We don’t have long to settle ourselves after returning to the water after the portage; almost immediately we have to make sure we aim for one of the arches, and not one of the supports of Leixlip Bridge. A Canadian just before us doesn’t quite make it, and is completely wrapped around one of the bridge struts after hitting it side on; the garrisoned abseilers quickly descending to help out.
Chicken shoot time
With a sizable and possibly complicating traffic jam on the Sluice weir, we opt for our first chicken shoot of the day, which goes without a hitch. The smooth chicken shoot is still on our minds as we approach the next obstacle – the high drop at Lucan. This weir is certainly the biggest and perhaps the most complex.
The huge drop means that the only way of getting through successfully is to hit it side on, and lean your full weight back onto the weir itself. Falling out early means gravity would have a good hold on the boat before it follows you, possibly landing on your head. Going over it straight could possibly make the boat snap in half. But most importantly, the majority of the spectators who have come to watch are gathered at Lucan – and of course we don’t want to swim in front of our fans.
So the chicken shoot it is. Hundreds of people have gathered to cheer us on. We line the boat up, began the gentle descent, no problems – our easiest weir yet. We go to do our lap of honour when we all suddenly realise we are chest deep in water, and our upturned boat is floating beside us. Somehow (neither Coach or Rory could explain it in our post-race dissection) we’ve ended up in the water. On a chicken shoot. Right on front of all the spectators. We sheepishly right the boat as the crowd hurray all the successful paddlers rowing behind us.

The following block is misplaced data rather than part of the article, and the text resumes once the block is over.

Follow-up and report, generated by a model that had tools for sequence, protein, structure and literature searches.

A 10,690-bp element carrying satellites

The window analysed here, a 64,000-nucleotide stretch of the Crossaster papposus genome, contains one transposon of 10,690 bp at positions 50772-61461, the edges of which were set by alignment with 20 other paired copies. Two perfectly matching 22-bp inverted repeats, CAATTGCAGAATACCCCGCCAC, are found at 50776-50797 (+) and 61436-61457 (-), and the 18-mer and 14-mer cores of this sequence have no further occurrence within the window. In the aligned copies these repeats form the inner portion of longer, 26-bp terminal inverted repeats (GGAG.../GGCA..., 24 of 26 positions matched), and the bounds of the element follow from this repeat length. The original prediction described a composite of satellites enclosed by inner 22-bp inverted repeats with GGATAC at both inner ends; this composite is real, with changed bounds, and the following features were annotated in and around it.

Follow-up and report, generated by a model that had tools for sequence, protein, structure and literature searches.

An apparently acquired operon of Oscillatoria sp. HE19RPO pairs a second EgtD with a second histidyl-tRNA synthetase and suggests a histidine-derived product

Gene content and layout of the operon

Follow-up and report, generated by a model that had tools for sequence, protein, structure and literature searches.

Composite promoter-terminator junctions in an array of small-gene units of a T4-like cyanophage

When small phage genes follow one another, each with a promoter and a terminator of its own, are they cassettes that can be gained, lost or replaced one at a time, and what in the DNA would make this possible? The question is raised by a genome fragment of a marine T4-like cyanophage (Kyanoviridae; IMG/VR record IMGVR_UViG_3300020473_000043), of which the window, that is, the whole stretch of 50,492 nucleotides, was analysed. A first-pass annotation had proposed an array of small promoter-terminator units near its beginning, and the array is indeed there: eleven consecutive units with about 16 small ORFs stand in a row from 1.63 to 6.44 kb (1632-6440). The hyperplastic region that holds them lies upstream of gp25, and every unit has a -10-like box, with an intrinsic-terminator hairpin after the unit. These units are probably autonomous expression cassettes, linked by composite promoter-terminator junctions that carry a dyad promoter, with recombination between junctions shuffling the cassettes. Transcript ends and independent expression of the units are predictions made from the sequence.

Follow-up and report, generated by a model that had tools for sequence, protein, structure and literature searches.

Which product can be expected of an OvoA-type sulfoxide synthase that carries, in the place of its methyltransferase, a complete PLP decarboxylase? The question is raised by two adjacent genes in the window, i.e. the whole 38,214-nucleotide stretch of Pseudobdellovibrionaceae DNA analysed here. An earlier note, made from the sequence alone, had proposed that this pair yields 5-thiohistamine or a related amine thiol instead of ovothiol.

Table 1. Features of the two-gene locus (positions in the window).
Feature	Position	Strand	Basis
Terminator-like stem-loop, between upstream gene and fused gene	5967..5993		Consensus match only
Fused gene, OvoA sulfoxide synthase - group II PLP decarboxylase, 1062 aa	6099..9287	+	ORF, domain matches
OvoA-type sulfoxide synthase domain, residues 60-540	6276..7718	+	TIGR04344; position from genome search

“And the hazards at Lucan aren’t finished yet. Just as we pull away, we are ambushed by a load of club members armed with water balloons. Rory once again displays his paddle prowess by deflecting one of them with the blade.”
I suppose it’s a vote of confidence that they think getting wet might bother us at this stage.
After our epic failure at Lucan, we are determined to get the next one right. Shackleton’s, AKA Anna Liffey, has no chicken shoot – not that we need one! Like a skateboarder on a rail, we steer the canoe onto a diagonal sloping stone ridge beneath the water and slide down with ease – definitely our smoothest weir so far, although Rory feels we might have left a lump of the canoe behind.
As we approached Wren’s Nest, a debate on whether to do the chicken run or racing line plays out. The latter wins, and we go straight down the V. But in doing so we’re pulled to the right, into the stopper, and take on another bathload of water. Although we manage to stay up, it is another tentative paddle to the bank for emptying duties.
It is here we meet fellow club member Anne Hodge, whose kayak has suffered a nasty gash underneath. Luckily, Rory has a roll of the ubiquitous Duck Tape to help her patch it up. Needing a sugar hit, I take the opportunity to test one of the Mars bars which have somehow remained strapped to the inside of our hull. It’s quite soggy and tastes distinctively of Liffey but it goes down the hatch nonetheless. After that it’s back to work as we head towards the day’s biggest test – Palmerstown Weir.
Our Thomond Park
Palmerstown is, as Rory describes it, “our Thomond Park”. Located just beside Wild Water’s clubhouse, and manned by club rescue staff, it’s the weir the boys know best, and if they mess it up, they will hear about it for the rest of the year. “There is no way we are swimming here,” they say. Which is, of course, exactly what we do.